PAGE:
Are you sure all your dogs are barking ?
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IMO, it's still active, and will be for quite some time.
I dropped out and switched to CDs as the playback heads for my 10.5 reel to reel were no longer being made. Tough decision - - switch to a different make of 10.5s or go to CDs.
In retrospect, for me, going to CDs was the better solution. Others in my place might have switched to another 10.5 brand.
" You can get same performance out of a 3 head Nak and Sony Elcaset and also Beta so R2R's are obsolete."
" just because its still selling on ebay doesnt mean its not dying. Who's gonna make those high quality heads these days? Stocks are being depleted. Only the rich will be able to afford repairs soon. "
Now you are really being silly ...
I hate to disillusion you but the 3 head Nak cassettes while good cannot hold a candle to a 7.5 or 15ips recording made on decent tape on even a middle ground R2R machine.
Recordings made straight of Qobuz hires onto 15ips on my Revox absolutely kill the same recordings made on my Nak.
Shoot, even 7.5ips recordings made on my Pioneer ct701 better the Nak ... And don't get me wrong the Nak does make great recordings.
It's just that R2R is better.
So it maybe a minority media but it is far from dead and dying.
Just check out prices of r2r tapes on eBay, while I do not like some of the high prices it is far from dead!
There is something very cool about a 10.5" RTR running at 15ips. It just looks wonderful IMHO. I sold my Revox B77, 2 track HS MK2 deck about 10 years ago and regretted the decision ever since. I noticed at this years Axpona there were quite a few vendors demonstrating equipment using RTR decks, all sounded fine to me. So in then end, if owning/using a RTR deck makes you happy, go for it.
Nakamichi made some very fine cassette decks. I have a Nak Dragon rebuilt by Alex Nikitin with a full set of ANT 4066 mods. But seriously this is nowhere as good as 15IPS tape on a proper studio machine. If you can source a production or distribution master like this then even better :)
@vinny55 There are lots of professional R2R machines with 15 IPS. The thong about professional machines is that they are built like tanks and calibration and line up is easy to do; after all a decent tape tech would line up the machine every day in a studio, back in the heyday of tape. Having had a couple of domestic machines (Revox A77 and a high speed G36), I wouldn't go back to one now.
Checking the repro head azimuth on a tape is probably the most important part of line up, as the high frequency losses are significant, is the repro head is not aligned correctly to the way that the record head was aligned when the tape was made. This is something that most people don't worry about on a domestic recorder with commercial 3.75 and 7.5 IPS 4 track tapes. But that's another story.
Silly you. I’ll grant you it’s probably the not the best format for a modern audiophile. It is however a very useful tool in the recording studio. It’s far too fussy for someone who just wants to throw on a CD and sit back. I play 99% vinyl - easy- that R2R is fussy.For the most part you’ll have to make your own recordings from a good source. Ugh! The recorded tapes that are available are either outrageously expensive, have a poor selection of titles or are antiques. That’s why only professionals use R2R anymore, for the most part. Here’s how I use mine:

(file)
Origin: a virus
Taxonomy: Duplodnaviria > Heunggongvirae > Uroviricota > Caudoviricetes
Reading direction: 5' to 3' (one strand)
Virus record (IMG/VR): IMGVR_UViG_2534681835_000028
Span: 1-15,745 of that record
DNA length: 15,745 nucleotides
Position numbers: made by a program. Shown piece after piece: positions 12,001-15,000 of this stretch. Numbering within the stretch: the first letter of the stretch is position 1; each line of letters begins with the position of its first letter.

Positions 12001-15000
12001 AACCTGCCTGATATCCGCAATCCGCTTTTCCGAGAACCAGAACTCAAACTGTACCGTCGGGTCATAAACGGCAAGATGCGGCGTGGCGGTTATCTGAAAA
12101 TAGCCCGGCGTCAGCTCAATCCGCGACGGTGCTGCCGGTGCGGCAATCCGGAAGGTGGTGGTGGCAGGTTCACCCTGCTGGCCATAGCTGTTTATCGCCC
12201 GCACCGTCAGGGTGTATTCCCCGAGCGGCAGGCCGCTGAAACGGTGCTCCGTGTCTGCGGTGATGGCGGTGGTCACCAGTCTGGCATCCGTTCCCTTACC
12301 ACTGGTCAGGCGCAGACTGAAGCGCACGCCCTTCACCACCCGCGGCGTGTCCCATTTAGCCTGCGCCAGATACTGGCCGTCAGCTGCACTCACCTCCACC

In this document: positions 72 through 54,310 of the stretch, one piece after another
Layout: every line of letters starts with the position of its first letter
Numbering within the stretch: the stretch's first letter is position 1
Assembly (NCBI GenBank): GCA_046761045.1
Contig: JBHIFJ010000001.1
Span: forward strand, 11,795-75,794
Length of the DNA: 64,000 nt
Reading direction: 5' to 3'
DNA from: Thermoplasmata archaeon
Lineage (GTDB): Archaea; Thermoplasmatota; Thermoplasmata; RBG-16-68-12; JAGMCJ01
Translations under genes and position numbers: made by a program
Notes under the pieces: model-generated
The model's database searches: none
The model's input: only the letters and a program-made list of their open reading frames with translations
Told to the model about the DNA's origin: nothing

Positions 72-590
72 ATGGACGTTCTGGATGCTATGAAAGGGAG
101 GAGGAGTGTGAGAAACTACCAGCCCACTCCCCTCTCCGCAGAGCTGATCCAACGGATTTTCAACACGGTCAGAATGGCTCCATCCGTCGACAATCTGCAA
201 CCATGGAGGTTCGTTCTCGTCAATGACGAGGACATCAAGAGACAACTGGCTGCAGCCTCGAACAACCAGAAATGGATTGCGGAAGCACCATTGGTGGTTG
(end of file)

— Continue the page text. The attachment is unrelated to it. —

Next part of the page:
Synthesizer >Studio mixer >digital recording program> Digital mixer > R2R > CDR/mp3 > sound cloud.
Look for my first ever release “new day May” by Bentunderground on sound cloud now. It’s a thunderstorm. It sounds like crap on the phone. The R2R was critical in the recordings process as it enhances the soundstage and equalization for recording.
Please read and understand more before making blanket (trolling?) statements like you made. There are many advocates of reel to reel on Audiogon - do a little research!
I have a Teac X10-R and about 15 (remaining) Maxell dbx 224 type II recorded reels. At one point, I had about 40 reels but my Ampex reels deteriorated to the point where they were unplayable.
Back in the 80's, I used two Technics SL-1600 MK2 turntables and a Rodec mixer in my home "studio." I would spend months recording individual R&B and Jazz tracks to make a reel for my personal enjoyment. I recorded albums and selected songs from albums that you cannot find on any streaming source. I love vinyl, but it was so much easier to just play a reel of the songs I liked.
My vintage gear is over 30 years old and I've tried to maintain it in like new condition. No one's post is going to change my opinion of what I like or use. I'm 71, more than likely, my R2R will die with me. But until them, I will continue to play and enjoy a reel now and then.
Can you say (or spell) STELLAVOX? STUDER?
Better check it out before you declare R2R deceased.
ALSO, SOME older recording studios (Muscle Shoals, for example) still use analog (Scully 1", Ampex, etc).
SO, yes, not many use R2R today, but it has its place and is still used when needed i specific places.
Sorry to bust your digital ballon, but most digital recording is total garbage as anyone who has an ear or is a real musician will tell you.
"The only thing worse than being old is being old and alone."
Been there, done that, got the t-shirt.
Given arthritic hands and bad eyes, thank goodness for CDs.
Now, l'm living alone with a wonderful 2 channel HD stereo system.
The Old Fud
ATR Magnetics in York, PA is making tape in most formats- cassette, 7" 1/4" reel to reel, 10.5" in reels or pancakes, and also 1/2" and 1" for those with studio machines. Their tapes are made to match 456 Grand Master so no need with most reel to reel machines to re-calibrate.